They found reviews from people who emphasized a more distal sense (such as sight) were rated more useful when the review used the past tense (“We ate here last week and…”), while people emphasizing a proximal sense (touch) had more useful reviews when they used the present tense (“I’m eating this right now and it is so good!”).

    “Sensory marketing is increasingly important in today’s competitive landscape. Our research suggests new ways for marketers to differentiate their products and service, and ultimately influence consumer behavior,” Elder said. “Marketers need to pay closer attention to which sensory experiences, both imagined and actual, are being used.”


  2. Taking photos of experiences boosts visual memory, impairs auditory memory

    July 12, 2017 by Ashley

    From the Association for Psychological Science press release:

    A quick glance at any social media platform will tell you that people love taking photos of their experiences — whether they’re lying on the beach, touring a museum, or just waiting in line at the grocery store. New research shows that choosing to take photos may actually help us remember the visual details of our encounters.

    The findings are published in Psychological Science, a journal of the Association for Psychological Science.

    “Our research is novel because it shows that photo-taking itself improves memory for visual aspects of an experience but can hurt memory for nonvisual aspects, like auditory details,” the authors say.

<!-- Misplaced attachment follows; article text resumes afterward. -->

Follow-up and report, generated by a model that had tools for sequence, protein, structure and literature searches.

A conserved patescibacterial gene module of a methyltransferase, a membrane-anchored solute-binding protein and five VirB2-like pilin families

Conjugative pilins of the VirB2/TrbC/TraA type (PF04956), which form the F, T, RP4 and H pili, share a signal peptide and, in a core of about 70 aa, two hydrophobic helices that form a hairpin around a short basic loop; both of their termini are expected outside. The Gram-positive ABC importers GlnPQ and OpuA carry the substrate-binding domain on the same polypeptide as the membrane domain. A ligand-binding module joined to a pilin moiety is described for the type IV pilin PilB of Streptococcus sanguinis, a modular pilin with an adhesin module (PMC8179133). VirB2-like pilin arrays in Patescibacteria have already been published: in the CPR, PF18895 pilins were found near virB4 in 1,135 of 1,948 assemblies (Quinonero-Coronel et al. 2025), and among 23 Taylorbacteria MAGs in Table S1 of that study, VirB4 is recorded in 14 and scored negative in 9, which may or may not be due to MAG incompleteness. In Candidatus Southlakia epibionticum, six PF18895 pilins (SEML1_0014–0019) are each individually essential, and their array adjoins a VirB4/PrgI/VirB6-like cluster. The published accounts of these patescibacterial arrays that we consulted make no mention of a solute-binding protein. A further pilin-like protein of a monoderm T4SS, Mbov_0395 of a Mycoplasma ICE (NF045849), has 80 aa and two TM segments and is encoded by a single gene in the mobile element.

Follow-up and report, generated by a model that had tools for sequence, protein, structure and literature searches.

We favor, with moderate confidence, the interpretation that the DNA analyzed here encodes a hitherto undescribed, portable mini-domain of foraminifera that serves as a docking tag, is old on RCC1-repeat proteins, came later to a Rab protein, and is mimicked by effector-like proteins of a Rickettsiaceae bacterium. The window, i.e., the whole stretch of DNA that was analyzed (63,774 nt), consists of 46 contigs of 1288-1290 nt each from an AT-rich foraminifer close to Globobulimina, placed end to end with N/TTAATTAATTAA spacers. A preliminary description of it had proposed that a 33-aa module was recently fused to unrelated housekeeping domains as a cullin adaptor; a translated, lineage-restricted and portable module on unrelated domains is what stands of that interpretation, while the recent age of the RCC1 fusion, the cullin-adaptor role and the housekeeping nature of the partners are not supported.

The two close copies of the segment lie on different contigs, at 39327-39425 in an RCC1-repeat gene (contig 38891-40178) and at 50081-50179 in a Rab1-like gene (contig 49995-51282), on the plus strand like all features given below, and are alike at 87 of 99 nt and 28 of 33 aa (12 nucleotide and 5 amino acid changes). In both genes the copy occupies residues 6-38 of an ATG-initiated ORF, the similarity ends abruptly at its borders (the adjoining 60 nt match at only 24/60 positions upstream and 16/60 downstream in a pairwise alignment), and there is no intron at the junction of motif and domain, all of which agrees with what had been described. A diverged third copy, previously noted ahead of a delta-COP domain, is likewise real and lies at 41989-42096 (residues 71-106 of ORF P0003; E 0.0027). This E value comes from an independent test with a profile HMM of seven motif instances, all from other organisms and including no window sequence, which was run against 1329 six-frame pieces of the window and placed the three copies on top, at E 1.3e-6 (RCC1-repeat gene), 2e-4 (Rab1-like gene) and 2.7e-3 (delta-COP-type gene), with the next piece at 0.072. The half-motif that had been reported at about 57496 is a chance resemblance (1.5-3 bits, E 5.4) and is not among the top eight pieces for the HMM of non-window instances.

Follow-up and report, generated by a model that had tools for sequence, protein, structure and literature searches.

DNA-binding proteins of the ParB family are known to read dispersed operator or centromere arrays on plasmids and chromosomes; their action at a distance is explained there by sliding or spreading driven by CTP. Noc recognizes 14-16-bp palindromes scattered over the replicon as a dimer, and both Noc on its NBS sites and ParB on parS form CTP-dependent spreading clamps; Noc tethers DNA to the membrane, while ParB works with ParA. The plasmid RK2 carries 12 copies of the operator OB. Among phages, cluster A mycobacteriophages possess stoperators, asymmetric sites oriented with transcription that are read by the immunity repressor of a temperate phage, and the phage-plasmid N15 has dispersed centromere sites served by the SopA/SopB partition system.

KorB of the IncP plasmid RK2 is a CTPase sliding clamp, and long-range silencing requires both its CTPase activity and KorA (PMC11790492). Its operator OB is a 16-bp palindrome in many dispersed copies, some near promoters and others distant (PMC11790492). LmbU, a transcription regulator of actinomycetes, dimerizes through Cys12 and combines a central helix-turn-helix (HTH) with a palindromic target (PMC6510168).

This research was conducted by Alixandra Barasch (New York University Stern School of Business), Kristin Diehl (USC Marshall School of Business), Jackie Silverman (The Wharton School of the University of Pennsylvania), and Gal Zauberman (Yale School of Management).

    Previous research has suggested that being able to take photographs or consult the Internet may allow us to outsource our memory, freeing up cognitive resources but potentially impairing our ability to remember.

    Barasch, Diehl, Silverman, and Zauberman hypothesized that this offloading effect may hold for factual information, but might not apply when it comes to the experiences we deliberately choose to photograph.

    “People take photos specifically to remember these experiences, whether it’s a fun dinner with friends, a sightseeing tour, or something else,” they argue.

    Of course, the reality is that most of the photos we take will probably never get a second glance. The researchers wondered: How well do we remember the experiences we photograph if we never revisit the photos? Furthermore, does taking photos affect memory for what we saw differently than for what we heard?

    In one experiment, the researchers had 294 participants tour a real-life museum exhibit of Etruscan artifacts. The participants stashed their belongings before starting the tour but some were allowed to keep a camera on them. Those with a camera could photograph anything they wanted in the exhibit and were told to take at least 10 photos. As the participants toured the exhibit, they listened to an accompanying audio guide.

    At the end of the tour, they answered multiple-choice questions asking them to identify objects they had seen or complete factual statements from the audio guide.

    The results showed that those who took photos visually recognized more of the objects compared with those who didn’t have a camera. But they also remembered less auditory information than their camera-less peers.